SA looks to Switzerland in sci-tech push
South Africa and Switzerland are set to deepen their collaboration in science, technology and innovation (STI) following the renewal of a fruitful STI co-operation agreement between the countries.
Signed in Bern last week, the agreement will, among others, see exchange visits of scientists, researchers and scholars, the sharing of scientific and technical knowledge, and the hosting of bilateral STI seminars and courses.
The agreement was renewed during the fifth meeting of the South Africa-Switzerland Joint Committee, an intergovernmental structure that was created after the bilateral agreement on scientific and technological cooperation was first signed in 2007.
Its function is to make decisions and review progress in joint work on STI.
In March, the South African government said the country will follow a new roadmap for science and technology, after Cabinet approved the new white paper on STI.
Last September, the Department of Science and Technology (DST) put out the draft policy document for public comment, noting it sets out a long-term direction for government to ensure a growing role for science, tech and innovation.
This new roadmap, according to the DST, identifies the fourth industrial revolution as a key focus, placing STI at the centre of the country's development agenda.
SA and Switzerland have enjoyed a productive relationship in STI for well over a decade. The countries have carried out a number of joint research projects, co-operated on the Swiss-South Africa Business Development Programme, and established two bilateral research chairs.
South African and Swiss universities also have long-standing student exchange programmes in place.
Switzerland supports SA’s objective of establishing a coherent and inclusive national system of innovation to catalyse economic growth and employment, create livelihoods at grassroots level, and strengthen competitiveness.
Last week, a South African delegation toured Switzerland to gain exposure to the Swiss innovation ecosystem – which includes industry-to-market mechanisms and innovation clusters – and identify new areas of potential collaboration.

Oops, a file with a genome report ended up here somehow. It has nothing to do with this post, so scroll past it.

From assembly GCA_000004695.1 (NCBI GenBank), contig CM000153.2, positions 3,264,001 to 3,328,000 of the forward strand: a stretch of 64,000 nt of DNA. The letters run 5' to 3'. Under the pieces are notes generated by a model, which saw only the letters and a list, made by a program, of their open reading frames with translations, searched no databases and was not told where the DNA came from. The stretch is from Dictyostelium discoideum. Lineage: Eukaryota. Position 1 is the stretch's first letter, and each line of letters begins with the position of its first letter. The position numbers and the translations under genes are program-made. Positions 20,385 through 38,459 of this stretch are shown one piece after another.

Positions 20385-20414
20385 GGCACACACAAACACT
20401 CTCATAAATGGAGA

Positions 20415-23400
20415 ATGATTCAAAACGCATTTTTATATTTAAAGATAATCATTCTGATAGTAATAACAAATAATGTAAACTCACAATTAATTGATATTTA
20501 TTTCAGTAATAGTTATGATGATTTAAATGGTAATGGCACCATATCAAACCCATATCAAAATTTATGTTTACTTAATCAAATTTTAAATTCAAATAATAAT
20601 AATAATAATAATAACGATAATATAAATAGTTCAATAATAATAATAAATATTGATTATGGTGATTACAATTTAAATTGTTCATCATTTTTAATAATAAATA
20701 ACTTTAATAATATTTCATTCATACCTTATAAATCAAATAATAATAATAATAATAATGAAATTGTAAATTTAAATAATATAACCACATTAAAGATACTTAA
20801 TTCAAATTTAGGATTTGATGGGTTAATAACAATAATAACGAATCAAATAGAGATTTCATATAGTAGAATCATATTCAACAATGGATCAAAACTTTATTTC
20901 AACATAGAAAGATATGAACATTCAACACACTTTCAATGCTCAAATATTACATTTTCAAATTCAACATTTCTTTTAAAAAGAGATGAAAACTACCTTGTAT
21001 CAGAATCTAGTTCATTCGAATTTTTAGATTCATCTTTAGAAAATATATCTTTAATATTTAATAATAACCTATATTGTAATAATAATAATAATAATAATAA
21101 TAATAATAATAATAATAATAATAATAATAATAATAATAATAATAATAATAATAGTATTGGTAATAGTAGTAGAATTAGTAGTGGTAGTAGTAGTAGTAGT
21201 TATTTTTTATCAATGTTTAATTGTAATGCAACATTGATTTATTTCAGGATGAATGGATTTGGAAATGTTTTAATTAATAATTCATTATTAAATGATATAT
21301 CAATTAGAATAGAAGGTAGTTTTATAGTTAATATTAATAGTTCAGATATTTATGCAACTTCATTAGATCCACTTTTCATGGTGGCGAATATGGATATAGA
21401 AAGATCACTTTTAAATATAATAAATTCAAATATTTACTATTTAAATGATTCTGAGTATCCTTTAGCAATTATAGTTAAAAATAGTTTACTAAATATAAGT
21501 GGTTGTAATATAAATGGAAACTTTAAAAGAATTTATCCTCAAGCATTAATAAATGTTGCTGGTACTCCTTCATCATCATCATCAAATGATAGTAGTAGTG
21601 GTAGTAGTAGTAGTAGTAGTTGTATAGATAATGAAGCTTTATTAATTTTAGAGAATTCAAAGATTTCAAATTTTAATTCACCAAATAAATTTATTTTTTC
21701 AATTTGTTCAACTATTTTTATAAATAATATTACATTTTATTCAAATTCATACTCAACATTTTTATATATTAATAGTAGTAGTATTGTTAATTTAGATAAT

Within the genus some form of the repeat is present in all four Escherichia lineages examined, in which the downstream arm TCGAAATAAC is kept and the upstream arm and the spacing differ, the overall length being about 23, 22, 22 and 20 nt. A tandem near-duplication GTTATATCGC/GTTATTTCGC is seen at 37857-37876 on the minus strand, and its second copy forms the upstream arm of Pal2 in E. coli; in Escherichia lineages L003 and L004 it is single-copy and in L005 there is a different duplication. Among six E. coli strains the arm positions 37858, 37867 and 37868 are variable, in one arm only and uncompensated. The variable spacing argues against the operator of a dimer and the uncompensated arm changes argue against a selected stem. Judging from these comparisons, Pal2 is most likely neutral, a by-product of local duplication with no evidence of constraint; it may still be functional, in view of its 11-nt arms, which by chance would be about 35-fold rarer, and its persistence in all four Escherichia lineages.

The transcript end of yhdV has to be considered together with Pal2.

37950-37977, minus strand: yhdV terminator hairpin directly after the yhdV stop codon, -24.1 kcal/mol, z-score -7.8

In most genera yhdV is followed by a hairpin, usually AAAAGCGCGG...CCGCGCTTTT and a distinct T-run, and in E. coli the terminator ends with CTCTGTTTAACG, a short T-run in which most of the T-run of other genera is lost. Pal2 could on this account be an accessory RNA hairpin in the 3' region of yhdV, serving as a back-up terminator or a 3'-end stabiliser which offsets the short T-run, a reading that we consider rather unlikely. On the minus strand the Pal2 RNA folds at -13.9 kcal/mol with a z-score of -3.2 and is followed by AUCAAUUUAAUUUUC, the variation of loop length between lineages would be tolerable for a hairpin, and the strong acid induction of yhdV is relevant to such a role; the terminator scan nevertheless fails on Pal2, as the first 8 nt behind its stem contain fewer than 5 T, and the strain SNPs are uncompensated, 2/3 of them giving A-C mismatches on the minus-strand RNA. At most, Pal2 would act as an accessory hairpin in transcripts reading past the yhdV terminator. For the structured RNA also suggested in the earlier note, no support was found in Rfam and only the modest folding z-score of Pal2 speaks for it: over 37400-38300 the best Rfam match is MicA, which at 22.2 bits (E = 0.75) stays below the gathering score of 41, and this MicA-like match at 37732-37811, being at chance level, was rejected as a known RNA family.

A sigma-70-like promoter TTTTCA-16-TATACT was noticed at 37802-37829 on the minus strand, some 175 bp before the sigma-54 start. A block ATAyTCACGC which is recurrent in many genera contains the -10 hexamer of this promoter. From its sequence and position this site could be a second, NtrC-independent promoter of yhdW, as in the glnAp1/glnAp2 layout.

The multi-stakeholder delegation included officials from the Department of Science and Innovation (DSI) and its entities, as well as representatives from universities and start-up companies.
The “SA innovation mission” visited universities of applied sciences in Bern, Lucerne and Zurich.
According to the DSI, the Swiss universities of applied sciences play a key role in the innovation ecosystem by conducting both fundamental and applied research, and offering both technical training and traditional university degrees.
It notes SA’s vocational training institutions could benefit from co-operation with these institutions. Last year, the Lucerne University of Applied Sciences and Arts signed a memorandum of understanding with Stellenbosch University for the exchange of master's students working in the field of energy.
The university has also undertaken to collaborate with the University of Venda on a summer school focusing on energy-harvesting facade systems under the leadership of the DSI.
During their visit, the South African delegation also took part in a number of information-sharing engagements on innovation and entrepreneurship.
Participants learned first-hand how linkages are formed between companies and academic institutions, with the former providing input on curriculum development to promote the nurturing of skills relevant to industry.
A visit to the canton of Basel-Stadt revealed a dynamic economic region in which the city authorities have created an enabling environment for entrepreneurship. The region, with a population numbering about 200 000, has over 10 000 start-up companies focused on growing the economy and creating new knowledge for societal growth. Its life sciences industry is headed by companies such as Novartis, Roche, Lonza, Bayer and Syngenta.
The participants were unanimous that exposure of this kind is invaluable as SA works to build an ecosystem that harnesses science, technology and innovation for sustainable development, inclusive growth and a better life for all South Africans.
In a statement, the Swiss government says for the next phase of the bilateral programme, and to enhance cooperation, the Swiss National Science Foundation and South African National Research Foundation are negotiating a direct co-operation arrangement in the shape of a lead agency agreement.
It explains the agreement would allow researchers in Switzerland to submit a joint research project developed with a partner in SA to just one of the research promotion organisations.
It believes this procedure would significantly reduce administrative costs and facilitate bilateral cooperation.
In addition, the Swiss Tropical and Public Health Institute, in conjunction with the University of Basel, acts as leading house for Sub-Saharan Africa.
As such, it regularly offers instruments for researchers interested in co-operating with partners from that region.
One such example is the Swiss-South African Business Development Programme, which aims to strengthen the entrepreneurial know-how of researchers and innovators in marketing their research projects.